ANIMAL DISEASES AND VETERINARY SERVICES
Deficiencies of the trace elements cobalt, copper, iodine, or selenium induce widespread natural diseases of animals. There is also a type of copper deficiency associated with an excess of molybdenum and this is more widespread than that arising from a simple deficiency of copper.
Cobalt deficiency or “bush sickness” occurs widely. It is characterised by loss of appetite, wasting, anaemia, failure to thrive (particularly in young animals), and eventual death, unless the deficiency is corrected. It affects mainly sheep and cattle, though it can occur in all ruminant animals and does affect goats and deer. Severe cobalt deficiency is now rare, for the deficient areas are known and are corrected by regular topdressing with cobalt sulphate. Cobalt-deficient areas have been classified as “severe”, “moderate”, or “marginal”. The classification is based on the responses of animals to cobalt and on analyses of animal livers, of pastures, and of some soils for cobalt content. The accompanying map shows the cobalt-deficient areas.
Copper deficiency is of two kinds: (i) an uncomplicated deficiency found on some peat and sandy soils; and (ii) a deficiency of copper, associated with high molybdenum content in the pasture. This occurs on most peat soils, on some pumice soils, and on some marine and river silts. Some of what is now the most highly productive dairying land in New Zealand, the reclaimed swamp lands of the Hauraki Plains and the Waikato, were almost impossible to farm economically before copper deficiency was recognised as the cause of disease. Cattle of all ages and young sheep are affected. Symptoms vary widely, depending on the severity of the deficiency and whether or not it is complicated by excess of molybdenum. Lambs and calves can suffer unthriftiness, retarded growth, ataxia, and bone fragility; and adult cattle become poorly conditioned and anaemic and their coats often lose colour. On peat lands, when there is excess molybdenum in the pasture, the characteristic symptom is a persistent, severe, debilitating scouring whenever there is a flush growth in spring or, to a less extent, in autumn. Copper sulphate mixed with the usual fertilisers is an effective, and widely used, method of control.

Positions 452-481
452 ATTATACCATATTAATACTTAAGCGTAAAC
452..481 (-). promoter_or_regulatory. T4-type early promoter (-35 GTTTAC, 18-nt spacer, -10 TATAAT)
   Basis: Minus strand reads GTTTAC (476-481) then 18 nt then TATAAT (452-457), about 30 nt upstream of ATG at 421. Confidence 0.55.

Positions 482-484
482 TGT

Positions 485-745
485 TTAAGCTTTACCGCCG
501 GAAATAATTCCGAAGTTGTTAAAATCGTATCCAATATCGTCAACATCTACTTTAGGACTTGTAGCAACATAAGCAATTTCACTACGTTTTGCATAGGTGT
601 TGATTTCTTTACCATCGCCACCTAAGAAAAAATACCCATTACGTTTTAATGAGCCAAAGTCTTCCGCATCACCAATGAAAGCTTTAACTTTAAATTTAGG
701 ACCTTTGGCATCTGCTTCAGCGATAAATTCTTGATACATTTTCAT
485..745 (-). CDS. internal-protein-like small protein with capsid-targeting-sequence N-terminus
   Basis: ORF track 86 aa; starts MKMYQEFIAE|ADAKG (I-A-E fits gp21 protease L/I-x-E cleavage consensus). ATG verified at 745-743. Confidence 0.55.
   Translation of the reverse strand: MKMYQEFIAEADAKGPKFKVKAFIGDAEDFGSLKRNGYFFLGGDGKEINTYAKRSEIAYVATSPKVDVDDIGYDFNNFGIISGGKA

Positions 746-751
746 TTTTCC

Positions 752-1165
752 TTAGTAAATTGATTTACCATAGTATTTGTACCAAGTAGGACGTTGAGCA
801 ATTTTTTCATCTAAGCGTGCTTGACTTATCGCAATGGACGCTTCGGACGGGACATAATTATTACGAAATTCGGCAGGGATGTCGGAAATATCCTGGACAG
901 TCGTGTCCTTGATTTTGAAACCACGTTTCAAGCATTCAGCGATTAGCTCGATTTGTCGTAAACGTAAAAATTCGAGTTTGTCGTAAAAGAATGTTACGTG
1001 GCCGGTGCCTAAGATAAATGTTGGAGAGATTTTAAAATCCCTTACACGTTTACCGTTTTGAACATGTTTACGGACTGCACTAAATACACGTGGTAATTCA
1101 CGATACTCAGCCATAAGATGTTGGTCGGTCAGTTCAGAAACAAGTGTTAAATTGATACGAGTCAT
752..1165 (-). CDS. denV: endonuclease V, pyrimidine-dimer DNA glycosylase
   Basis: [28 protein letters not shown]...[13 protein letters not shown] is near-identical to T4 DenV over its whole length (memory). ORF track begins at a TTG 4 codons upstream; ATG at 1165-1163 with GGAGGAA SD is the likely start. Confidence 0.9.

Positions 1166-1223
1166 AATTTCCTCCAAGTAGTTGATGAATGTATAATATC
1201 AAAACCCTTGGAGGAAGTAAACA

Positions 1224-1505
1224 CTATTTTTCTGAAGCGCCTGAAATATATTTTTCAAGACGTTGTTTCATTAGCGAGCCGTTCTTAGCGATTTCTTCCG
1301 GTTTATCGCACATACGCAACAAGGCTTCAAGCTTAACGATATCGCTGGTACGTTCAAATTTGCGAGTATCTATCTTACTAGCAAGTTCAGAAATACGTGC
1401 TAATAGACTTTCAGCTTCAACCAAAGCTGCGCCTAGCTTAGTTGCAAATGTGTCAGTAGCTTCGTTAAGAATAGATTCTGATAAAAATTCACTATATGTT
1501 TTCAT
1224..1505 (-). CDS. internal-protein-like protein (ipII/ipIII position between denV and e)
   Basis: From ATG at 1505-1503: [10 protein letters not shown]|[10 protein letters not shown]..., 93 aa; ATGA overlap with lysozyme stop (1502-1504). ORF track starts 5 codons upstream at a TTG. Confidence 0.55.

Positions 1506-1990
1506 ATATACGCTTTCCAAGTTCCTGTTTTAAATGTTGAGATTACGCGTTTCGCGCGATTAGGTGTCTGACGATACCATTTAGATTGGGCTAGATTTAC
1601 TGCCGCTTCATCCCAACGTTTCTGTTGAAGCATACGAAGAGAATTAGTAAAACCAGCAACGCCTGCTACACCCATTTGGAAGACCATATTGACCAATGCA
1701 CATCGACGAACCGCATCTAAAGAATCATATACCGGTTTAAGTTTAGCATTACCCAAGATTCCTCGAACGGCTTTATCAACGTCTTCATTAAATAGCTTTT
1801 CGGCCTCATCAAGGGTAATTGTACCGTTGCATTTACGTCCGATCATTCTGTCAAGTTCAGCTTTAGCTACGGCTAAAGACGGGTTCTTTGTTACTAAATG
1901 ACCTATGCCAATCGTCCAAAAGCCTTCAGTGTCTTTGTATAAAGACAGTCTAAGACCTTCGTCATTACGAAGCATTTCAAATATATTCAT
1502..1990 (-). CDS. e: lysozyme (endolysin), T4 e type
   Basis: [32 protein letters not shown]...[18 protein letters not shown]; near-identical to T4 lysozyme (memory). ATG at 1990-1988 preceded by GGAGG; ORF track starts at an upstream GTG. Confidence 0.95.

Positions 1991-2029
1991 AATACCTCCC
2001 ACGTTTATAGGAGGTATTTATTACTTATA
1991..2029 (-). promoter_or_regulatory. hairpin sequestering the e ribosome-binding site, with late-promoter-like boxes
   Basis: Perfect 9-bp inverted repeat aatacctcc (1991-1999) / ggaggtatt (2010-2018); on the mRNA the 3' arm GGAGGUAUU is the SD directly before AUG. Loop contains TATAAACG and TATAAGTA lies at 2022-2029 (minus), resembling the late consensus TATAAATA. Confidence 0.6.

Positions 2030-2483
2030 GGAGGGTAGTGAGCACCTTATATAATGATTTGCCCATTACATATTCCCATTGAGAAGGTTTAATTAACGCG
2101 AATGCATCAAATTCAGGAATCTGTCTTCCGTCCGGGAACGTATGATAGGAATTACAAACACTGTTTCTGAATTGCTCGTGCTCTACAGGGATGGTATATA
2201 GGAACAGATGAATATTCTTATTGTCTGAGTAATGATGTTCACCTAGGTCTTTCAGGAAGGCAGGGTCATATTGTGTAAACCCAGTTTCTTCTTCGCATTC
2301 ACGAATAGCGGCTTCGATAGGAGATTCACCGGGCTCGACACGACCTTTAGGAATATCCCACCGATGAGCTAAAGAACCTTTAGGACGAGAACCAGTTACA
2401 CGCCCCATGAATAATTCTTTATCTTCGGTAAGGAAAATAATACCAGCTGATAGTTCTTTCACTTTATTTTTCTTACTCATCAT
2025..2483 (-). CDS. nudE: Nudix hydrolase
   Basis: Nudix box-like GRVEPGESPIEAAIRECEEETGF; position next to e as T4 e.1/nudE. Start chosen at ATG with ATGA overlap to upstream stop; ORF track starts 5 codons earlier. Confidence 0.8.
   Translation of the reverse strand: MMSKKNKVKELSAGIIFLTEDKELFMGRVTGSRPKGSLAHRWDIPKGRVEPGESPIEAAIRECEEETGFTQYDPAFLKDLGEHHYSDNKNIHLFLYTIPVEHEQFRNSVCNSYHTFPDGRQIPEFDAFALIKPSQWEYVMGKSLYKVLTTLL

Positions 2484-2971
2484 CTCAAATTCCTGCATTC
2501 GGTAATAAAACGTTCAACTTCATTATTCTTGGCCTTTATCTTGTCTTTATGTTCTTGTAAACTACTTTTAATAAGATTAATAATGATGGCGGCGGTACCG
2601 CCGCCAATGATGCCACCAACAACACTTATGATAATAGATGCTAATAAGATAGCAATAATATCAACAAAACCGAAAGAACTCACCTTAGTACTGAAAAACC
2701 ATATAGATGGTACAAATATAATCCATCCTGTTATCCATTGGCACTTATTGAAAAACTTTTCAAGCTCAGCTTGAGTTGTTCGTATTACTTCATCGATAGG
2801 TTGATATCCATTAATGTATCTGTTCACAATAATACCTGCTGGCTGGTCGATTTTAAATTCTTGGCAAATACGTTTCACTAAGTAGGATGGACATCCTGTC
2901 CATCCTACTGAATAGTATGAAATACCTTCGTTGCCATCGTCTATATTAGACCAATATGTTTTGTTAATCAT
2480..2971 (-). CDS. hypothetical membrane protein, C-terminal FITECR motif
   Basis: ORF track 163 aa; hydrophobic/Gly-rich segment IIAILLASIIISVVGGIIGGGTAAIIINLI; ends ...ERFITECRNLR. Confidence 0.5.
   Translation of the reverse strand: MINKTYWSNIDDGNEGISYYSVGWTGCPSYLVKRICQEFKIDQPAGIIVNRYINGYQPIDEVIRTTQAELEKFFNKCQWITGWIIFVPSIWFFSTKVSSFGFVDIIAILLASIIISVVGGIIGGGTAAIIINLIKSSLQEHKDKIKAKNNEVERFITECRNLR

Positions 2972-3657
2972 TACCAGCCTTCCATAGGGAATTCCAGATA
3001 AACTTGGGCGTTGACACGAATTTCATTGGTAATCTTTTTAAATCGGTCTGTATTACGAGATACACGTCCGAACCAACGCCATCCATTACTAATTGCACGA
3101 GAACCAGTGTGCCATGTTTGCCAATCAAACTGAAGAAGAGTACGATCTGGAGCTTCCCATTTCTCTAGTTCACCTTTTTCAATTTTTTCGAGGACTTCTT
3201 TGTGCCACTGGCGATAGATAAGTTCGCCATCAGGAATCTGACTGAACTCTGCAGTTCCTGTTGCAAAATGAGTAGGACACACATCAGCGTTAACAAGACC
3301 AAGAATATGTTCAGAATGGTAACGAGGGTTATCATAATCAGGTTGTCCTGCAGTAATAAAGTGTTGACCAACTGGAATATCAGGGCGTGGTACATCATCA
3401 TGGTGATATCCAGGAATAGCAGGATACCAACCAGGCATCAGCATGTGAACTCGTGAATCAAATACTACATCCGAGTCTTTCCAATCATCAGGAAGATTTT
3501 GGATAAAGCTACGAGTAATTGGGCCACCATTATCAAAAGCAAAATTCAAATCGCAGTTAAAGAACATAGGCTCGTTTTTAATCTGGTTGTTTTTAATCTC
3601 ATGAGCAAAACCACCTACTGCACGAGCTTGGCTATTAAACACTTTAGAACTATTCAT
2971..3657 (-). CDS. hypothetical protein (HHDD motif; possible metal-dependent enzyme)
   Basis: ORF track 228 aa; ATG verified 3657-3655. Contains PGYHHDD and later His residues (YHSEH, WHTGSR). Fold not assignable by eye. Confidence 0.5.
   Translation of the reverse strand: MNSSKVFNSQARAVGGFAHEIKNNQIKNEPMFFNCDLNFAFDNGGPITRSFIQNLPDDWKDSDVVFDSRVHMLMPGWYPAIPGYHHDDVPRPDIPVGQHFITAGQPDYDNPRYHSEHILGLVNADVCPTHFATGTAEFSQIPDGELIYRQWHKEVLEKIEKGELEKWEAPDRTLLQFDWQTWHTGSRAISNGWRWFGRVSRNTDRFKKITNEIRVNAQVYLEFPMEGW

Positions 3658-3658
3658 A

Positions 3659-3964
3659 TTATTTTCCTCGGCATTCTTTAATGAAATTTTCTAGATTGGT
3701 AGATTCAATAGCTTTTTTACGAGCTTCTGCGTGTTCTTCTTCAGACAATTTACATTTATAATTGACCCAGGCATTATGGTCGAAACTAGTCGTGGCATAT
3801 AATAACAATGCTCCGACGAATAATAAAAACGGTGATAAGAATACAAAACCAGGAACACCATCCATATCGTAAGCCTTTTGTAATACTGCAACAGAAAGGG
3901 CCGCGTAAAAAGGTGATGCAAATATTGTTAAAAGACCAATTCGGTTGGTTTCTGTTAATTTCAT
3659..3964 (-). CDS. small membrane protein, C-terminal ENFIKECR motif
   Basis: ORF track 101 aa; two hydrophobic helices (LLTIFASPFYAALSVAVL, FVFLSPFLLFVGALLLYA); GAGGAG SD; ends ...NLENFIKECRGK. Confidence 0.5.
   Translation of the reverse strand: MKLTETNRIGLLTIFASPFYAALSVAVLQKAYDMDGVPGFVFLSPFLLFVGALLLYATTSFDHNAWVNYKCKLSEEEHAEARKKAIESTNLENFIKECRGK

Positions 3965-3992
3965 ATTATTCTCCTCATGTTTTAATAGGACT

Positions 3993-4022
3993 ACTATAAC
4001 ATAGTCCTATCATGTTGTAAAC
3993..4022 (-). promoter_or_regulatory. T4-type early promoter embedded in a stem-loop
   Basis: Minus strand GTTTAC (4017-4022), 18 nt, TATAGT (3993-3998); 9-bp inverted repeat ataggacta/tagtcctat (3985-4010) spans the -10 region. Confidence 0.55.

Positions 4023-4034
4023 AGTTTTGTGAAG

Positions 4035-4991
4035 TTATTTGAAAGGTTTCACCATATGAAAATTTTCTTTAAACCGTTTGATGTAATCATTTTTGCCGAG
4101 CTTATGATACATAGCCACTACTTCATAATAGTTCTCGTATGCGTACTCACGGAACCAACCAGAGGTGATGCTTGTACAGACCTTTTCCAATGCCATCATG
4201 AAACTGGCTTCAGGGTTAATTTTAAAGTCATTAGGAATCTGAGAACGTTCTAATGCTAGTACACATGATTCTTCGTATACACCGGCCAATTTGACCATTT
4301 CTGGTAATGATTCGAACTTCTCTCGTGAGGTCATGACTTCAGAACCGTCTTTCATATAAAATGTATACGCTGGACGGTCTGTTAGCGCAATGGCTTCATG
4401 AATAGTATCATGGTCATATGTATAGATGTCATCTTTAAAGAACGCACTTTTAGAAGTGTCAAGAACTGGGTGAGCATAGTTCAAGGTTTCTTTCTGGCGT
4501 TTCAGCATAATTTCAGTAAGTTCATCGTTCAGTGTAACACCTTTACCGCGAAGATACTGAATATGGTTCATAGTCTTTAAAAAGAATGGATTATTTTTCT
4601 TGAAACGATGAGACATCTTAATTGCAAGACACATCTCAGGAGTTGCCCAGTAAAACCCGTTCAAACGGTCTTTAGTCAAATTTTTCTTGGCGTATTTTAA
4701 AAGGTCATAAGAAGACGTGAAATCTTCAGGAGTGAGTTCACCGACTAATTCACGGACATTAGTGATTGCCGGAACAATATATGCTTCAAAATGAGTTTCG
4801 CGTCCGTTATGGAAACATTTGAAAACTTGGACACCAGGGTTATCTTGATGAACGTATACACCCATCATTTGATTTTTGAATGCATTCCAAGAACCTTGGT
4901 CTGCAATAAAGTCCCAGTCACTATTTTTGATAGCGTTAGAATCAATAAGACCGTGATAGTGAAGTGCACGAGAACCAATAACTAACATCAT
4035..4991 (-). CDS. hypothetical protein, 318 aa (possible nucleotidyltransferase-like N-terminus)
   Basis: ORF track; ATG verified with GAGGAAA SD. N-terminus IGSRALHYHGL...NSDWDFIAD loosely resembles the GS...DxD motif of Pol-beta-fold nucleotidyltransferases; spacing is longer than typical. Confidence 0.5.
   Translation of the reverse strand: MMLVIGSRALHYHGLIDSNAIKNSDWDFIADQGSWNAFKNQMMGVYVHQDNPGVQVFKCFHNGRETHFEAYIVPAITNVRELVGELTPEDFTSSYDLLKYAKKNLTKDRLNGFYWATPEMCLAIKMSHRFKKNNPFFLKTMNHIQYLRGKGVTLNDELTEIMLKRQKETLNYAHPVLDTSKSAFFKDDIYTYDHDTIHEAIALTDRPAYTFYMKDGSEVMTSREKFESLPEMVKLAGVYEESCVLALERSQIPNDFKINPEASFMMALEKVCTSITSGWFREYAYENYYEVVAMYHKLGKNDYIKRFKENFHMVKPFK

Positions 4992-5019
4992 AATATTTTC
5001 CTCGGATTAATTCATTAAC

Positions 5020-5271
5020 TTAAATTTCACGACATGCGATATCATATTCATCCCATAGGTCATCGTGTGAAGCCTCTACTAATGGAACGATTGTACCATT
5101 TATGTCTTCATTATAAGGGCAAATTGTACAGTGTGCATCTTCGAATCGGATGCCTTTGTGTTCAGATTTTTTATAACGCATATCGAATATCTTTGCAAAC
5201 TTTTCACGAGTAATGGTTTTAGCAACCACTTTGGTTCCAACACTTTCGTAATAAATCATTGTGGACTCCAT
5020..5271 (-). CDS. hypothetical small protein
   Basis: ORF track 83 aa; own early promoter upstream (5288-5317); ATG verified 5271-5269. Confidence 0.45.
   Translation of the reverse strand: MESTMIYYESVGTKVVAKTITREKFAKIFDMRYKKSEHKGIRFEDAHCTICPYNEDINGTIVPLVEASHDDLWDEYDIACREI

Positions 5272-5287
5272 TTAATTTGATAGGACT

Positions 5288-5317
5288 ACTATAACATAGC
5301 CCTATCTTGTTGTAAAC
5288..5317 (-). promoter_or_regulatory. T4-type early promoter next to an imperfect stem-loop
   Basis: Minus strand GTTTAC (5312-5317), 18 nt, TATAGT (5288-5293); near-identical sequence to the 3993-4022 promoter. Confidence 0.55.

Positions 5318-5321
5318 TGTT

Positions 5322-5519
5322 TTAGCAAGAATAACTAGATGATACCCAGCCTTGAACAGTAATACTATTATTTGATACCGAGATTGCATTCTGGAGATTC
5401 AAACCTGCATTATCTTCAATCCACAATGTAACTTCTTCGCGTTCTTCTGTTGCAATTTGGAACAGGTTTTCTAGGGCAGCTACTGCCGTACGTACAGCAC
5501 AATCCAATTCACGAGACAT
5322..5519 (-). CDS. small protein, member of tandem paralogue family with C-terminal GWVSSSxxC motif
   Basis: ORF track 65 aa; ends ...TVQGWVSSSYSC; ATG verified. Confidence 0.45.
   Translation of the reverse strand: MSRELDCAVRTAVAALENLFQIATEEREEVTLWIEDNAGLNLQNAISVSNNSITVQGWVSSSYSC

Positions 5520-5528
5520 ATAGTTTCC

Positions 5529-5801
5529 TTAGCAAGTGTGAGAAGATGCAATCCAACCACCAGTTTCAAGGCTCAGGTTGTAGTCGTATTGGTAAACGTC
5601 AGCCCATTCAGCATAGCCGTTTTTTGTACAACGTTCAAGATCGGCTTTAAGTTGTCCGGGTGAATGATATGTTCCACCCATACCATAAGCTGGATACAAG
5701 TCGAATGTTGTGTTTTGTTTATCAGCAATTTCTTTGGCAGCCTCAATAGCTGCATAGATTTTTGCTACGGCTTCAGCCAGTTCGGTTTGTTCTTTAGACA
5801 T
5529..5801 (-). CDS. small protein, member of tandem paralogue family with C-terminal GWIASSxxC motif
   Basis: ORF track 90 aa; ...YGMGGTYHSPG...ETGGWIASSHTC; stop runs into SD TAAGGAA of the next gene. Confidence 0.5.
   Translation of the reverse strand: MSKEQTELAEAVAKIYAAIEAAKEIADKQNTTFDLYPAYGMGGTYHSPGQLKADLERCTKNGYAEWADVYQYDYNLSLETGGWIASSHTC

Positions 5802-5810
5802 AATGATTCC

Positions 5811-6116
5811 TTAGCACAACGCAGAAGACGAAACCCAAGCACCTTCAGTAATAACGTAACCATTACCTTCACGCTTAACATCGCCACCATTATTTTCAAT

Iodine deficiency causing goitre (mainly in newborn animals), most often affects sheep. Goitre is likely to occur in parts of Otago, Westland and Marlborough, large parts of the Canterbury Plains, between Wanganui and Palmerston North, and in places near Waipukurau, Napier, and Gisborne.
Widespread Selenium-responsive diseases are economically important. Experiments and field trials begun in 1958 have demonstrated that selenium can prevent white-muscle disease in lambs, an associated barren-ewe problem, some forms of unthriftiness in lambs and calves, and exudative diathesis in chicks. There is evidence also that Hepatosis dietetica in pigs and paradontal disease of sheep can be controlled by the use of selenium. Live-weight responses in lambs were obtained in areas shown in the accompanying map.
Metabolic diseases cause serious losses both of dairy and of beef cattle during calving and for some time after. Hypocalcaemia, hypomagnesaemia, and acetonaemia, either singly or together, are common in mature cows and can quickly be fatal if treatment is delayed. Hypomagnesaemia, or grass tetany, attacks calves, dry and milk cows, and males. Early treatment gives good control, but relapses take place and there seems to be a district and seasonal variation in response. In beef herds Hypomagnesaemic tetany is assuming more importance and its greater incidence is often associated with improvement both of pastures and of soil fertility.
Hypocalcaemia, or lambing sickness, is common throughout New Zealand; its incidence in individual flocks may be as high as 25 per cent. Pregnancy toxaemia, also common in ewes and associated with stress (for example, multiple pregnancy, starvation over a period, a check in feeding, or unusual disturbance) can, in some seasons and under certain conditions, cause serious losses.